The need to renew the Reformed tradition is pressing, particularly in the English-language medium – English being the common language out of 11 official options. Furthermore, English is arguably best suited to navigate the ethnic tensions besetting Mandela’s “rainbow nation”.
It is imperative that the continental Reformed tradition is no longer monopolised by the Afrikaans language, which – unfairly or not – is still associated with the legacy of apartheid, so fresh in the psyche of many South Africans. Hence, the vision for a new confessional Reformed denomination in southern Africa and beyond, through church planting and the assimilation of like-minded churches looking for a new confessional home.
Envisioning African Reformed Churches
The provisional name of a new English-medium continental Reformed denomination in South Africa is the African Reformed Churches (ARC).
The expansive choice of the name is intentional. South Africa is home to many foreign nationals who are either temporary or permanent residents. Those who return to their country of origin can “cross-pollinate” their newfound spiritual riches.
The “Reformed” part of the name also connects South Africa to a global history of confessional Protestantism and contemporary worldwide reformation, particularly in North America.
ARC seeks to model her doctrine and practice on the best of the historic global Reformed tradition. It envisions a renewed Reformed witness that combines a robust apologetic able to withstand the (modern) reasoned and (postmodern) “double think” attacks on the faith.
Launching from Cape Town
In 1652, the Dutch Reformed landed at the Cape of Good Hope as part of an exploration by the Dutch East India Company that became a colonial conquest. In 2023, Reformed believers are responsible to recover Reformed Christianity without the trappings of ethnicity, politics, and ideology.
Cape Town is strategically located as the political, cultural, educational, tourist, and economic hub of South Africa and the continent of Africa. Just as the Afrikaners trekked north in the early nineteenth century for political reasons, a renewed Reformed tradition could spread northward with support from other parts of the Christian West.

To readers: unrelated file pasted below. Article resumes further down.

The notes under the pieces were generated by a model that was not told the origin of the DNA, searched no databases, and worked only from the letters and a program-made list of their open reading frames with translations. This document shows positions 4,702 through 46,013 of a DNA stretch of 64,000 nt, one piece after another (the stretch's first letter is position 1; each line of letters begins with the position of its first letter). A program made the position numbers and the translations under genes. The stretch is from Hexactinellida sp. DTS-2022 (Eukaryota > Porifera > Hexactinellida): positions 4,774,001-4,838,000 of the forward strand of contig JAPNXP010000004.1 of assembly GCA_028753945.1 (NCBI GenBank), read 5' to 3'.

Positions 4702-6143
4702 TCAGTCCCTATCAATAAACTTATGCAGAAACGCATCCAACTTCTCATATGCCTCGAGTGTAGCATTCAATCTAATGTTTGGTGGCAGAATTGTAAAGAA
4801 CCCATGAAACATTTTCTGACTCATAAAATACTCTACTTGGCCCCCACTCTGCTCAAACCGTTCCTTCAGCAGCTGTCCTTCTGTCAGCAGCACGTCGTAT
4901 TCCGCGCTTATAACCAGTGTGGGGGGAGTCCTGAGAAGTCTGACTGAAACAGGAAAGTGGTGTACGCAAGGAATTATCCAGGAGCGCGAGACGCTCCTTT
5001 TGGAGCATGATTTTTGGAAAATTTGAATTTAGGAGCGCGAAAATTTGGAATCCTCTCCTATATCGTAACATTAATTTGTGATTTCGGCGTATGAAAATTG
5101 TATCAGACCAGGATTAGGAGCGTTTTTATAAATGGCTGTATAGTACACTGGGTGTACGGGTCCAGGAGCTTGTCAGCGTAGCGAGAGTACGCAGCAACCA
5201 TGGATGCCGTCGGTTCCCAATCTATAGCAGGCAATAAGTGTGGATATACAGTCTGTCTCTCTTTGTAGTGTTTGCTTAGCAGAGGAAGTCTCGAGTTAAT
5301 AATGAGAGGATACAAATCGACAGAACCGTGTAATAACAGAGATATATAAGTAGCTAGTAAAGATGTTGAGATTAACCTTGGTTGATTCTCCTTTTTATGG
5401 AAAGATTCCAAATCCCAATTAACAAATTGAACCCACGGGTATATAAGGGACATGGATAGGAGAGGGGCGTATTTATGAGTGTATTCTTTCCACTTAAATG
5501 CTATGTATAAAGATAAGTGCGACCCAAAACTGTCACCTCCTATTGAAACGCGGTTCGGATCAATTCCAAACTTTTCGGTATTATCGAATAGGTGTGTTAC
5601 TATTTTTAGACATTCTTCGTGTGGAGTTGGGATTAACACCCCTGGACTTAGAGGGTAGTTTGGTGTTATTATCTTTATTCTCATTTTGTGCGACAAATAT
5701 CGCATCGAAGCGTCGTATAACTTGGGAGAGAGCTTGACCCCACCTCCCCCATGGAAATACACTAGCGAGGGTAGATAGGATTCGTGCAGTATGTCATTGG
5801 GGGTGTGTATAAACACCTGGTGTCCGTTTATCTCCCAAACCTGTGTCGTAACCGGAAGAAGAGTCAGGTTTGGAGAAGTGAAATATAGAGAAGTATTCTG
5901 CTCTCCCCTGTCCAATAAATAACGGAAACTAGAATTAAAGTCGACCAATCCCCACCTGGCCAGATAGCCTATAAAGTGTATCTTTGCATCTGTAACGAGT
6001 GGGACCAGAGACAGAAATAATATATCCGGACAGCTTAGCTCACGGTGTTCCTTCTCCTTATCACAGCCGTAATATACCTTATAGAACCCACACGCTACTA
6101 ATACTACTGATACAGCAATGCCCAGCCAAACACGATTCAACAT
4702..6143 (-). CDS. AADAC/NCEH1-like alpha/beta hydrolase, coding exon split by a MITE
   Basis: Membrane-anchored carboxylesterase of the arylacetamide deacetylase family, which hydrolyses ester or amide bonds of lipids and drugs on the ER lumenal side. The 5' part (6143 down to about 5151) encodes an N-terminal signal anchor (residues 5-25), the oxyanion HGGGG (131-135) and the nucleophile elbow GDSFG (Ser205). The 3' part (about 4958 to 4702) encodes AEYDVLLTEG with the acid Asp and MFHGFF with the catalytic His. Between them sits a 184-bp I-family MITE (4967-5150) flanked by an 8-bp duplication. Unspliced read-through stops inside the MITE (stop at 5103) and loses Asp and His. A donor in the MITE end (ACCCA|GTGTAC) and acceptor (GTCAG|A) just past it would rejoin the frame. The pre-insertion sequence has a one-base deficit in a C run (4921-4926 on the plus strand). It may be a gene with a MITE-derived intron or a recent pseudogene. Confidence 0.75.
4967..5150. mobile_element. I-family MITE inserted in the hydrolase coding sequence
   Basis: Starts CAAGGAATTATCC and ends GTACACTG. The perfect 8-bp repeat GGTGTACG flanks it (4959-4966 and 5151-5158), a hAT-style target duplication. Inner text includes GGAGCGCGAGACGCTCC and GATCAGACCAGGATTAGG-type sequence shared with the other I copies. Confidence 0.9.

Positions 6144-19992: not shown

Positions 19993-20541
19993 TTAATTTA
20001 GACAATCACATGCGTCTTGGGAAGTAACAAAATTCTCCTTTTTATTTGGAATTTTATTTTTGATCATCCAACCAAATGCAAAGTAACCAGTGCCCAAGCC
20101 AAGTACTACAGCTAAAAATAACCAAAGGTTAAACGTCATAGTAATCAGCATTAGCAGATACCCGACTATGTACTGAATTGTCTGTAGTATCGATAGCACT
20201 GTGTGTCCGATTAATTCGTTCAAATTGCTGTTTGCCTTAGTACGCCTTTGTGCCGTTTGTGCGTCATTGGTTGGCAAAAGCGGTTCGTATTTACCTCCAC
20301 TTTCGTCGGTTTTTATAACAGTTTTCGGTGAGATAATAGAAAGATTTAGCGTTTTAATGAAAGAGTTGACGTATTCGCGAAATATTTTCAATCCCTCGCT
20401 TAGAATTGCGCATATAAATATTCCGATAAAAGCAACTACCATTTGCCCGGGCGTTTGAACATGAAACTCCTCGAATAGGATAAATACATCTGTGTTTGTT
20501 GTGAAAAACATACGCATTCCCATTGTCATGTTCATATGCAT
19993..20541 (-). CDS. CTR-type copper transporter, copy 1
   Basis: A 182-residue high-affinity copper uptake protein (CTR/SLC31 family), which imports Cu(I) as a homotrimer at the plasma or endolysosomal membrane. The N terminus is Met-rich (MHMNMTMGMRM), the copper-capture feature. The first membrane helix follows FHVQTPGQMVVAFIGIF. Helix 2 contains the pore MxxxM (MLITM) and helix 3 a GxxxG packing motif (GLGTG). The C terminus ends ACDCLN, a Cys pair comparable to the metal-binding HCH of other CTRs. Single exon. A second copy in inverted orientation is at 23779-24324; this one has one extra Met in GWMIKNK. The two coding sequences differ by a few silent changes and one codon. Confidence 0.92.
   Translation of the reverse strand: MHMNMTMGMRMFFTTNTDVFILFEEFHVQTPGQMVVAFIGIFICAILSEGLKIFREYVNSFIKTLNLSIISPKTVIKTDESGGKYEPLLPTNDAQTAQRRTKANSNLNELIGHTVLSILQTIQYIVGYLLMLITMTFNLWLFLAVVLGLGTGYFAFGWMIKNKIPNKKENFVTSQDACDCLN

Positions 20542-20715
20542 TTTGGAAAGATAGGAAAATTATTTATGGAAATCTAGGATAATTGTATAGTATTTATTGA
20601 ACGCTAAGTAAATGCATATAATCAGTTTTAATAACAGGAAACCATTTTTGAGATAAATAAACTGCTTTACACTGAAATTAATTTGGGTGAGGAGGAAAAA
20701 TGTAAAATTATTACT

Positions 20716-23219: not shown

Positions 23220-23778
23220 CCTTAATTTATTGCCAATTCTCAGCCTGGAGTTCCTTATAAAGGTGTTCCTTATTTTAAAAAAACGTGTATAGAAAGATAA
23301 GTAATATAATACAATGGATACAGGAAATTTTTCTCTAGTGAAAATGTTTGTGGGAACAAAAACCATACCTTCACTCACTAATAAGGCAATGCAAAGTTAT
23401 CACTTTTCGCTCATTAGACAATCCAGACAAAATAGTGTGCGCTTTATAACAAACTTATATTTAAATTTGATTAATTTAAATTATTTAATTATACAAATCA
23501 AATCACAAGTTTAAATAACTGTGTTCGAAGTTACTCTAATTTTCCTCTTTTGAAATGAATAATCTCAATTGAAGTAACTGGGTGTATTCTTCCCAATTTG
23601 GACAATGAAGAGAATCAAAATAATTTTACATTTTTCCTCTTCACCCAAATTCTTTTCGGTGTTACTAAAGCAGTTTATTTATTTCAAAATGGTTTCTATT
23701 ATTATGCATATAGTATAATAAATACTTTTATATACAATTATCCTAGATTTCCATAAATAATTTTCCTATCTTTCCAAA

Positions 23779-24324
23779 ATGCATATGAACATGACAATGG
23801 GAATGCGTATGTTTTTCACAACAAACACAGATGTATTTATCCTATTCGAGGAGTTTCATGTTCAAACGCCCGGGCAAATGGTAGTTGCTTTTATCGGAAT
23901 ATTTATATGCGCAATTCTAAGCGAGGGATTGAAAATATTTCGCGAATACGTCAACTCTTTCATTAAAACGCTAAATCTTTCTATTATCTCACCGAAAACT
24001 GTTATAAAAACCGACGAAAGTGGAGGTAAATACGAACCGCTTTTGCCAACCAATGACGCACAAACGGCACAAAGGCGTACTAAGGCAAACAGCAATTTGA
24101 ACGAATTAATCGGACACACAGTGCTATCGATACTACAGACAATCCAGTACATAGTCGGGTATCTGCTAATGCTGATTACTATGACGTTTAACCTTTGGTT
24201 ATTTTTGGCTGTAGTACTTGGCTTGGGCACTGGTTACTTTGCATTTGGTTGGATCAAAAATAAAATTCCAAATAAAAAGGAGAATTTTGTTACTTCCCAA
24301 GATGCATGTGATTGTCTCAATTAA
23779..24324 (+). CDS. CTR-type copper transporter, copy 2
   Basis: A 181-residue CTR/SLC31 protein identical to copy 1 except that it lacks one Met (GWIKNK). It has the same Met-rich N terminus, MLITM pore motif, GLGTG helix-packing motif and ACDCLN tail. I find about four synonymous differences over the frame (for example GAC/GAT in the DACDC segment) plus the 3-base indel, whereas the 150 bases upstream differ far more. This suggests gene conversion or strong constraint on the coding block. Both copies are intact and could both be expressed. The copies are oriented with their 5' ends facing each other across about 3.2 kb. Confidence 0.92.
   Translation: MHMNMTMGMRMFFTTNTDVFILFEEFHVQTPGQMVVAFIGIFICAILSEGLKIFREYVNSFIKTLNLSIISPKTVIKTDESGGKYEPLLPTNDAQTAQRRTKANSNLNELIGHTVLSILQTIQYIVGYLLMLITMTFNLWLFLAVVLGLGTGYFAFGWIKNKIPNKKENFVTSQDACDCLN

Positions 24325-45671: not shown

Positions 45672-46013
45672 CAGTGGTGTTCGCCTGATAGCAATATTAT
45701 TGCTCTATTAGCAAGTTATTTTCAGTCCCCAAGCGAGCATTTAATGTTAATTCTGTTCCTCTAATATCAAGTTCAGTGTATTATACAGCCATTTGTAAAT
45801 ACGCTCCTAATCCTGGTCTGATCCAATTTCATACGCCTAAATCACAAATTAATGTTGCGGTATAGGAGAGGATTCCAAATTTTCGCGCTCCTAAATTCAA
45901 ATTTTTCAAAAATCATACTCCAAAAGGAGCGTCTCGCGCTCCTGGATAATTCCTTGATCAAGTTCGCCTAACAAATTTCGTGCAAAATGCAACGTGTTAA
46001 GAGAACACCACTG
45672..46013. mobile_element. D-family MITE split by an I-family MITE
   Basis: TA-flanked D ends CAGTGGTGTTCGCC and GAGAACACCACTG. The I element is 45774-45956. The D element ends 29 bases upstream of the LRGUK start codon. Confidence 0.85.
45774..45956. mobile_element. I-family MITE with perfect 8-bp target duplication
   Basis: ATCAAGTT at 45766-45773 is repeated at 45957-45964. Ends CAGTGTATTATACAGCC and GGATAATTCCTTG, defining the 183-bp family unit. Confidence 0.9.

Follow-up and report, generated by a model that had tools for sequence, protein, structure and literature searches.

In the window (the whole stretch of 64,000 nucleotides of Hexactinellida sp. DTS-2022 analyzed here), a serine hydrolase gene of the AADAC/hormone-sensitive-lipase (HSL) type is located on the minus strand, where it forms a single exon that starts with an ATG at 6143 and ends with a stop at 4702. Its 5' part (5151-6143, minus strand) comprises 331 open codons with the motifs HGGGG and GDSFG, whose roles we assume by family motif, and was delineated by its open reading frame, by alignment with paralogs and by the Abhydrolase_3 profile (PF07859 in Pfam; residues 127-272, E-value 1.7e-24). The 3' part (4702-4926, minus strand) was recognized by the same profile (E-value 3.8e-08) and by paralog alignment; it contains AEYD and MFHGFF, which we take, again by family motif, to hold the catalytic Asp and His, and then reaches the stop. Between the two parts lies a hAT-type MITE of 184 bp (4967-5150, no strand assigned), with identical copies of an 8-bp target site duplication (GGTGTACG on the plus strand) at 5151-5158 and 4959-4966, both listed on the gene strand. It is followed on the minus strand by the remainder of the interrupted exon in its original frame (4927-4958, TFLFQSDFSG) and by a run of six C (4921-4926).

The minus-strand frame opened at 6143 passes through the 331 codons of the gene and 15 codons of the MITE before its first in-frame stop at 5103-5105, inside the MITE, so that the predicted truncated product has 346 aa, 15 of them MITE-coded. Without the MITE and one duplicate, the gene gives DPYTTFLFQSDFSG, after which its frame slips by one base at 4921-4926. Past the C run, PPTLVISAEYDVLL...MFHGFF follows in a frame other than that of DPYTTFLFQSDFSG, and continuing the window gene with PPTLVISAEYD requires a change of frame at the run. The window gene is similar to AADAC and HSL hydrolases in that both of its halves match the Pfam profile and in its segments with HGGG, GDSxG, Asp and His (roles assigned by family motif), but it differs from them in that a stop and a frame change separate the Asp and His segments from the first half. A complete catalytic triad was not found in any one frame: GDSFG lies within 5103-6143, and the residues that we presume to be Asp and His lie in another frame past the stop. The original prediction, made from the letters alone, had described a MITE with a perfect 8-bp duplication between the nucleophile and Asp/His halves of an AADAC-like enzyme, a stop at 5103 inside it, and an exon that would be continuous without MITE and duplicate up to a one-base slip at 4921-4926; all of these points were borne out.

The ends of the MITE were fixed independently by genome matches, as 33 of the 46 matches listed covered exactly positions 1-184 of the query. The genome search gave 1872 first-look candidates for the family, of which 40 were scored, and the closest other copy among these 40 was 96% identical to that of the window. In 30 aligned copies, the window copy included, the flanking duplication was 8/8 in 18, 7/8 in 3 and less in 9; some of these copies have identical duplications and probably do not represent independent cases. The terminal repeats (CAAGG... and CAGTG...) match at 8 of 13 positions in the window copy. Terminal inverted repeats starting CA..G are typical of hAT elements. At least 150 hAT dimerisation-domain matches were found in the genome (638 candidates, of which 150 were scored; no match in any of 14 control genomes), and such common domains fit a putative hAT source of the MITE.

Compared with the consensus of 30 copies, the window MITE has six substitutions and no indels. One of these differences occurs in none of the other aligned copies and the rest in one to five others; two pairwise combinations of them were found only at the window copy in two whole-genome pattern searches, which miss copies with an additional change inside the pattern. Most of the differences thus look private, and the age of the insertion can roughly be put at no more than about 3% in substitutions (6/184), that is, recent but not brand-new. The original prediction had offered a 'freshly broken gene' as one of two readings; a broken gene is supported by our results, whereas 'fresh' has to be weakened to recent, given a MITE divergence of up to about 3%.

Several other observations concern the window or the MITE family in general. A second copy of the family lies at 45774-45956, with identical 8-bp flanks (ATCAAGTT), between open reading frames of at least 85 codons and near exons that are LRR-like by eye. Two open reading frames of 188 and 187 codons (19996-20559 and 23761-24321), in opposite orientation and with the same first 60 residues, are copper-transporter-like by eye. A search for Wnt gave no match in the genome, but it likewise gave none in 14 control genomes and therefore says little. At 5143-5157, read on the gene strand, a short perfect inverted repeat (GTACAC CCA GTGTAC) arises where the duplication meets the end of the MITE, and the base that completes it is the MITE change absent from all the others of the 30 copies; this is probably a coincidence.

The endeavours to increase the visibility of RCSS and ARC in the future include:
- Faithful ordained ministry and Lord’s Day worship;
- Conversing with like-minded churches towards unity;
- Exploring church-planting opportunities;
- Promoting Reformed theological education;
- An internship programme;
- Friendship evangelism;
- Organised outreach/apologetics;
- An active online presence; and
- Visiting supporting churches locally and abroad.
Integral to the founding of RCSS has been the imprint of the best South African and North American Reformed witnesses. RCSS seeks to perpetuate this legacy in the English medium on the African continent. Towards this end, the future realisation of ARC will depend most immediately on the support of the URCNA and sympathetic individuals in at least the following ways:
- Doctrinal and pastoral accountability;
- Formative and continuing education of ministers;
- Provision of interns and ministerial candidates; and
- Financial support.
First National Bank
Cheque/current account: 62832224464
Branch code: 251945
Reference: “RCSS donation”
United States of America
Please make your tax-deductible donation to “Grace United Reformed Church” (reg. non-profit)
Address: Grace United Reformed Church, 2400 W. Carson St. Suite 120 Torrance, CA 90501
“For:” section, please write: “RCSS church plant”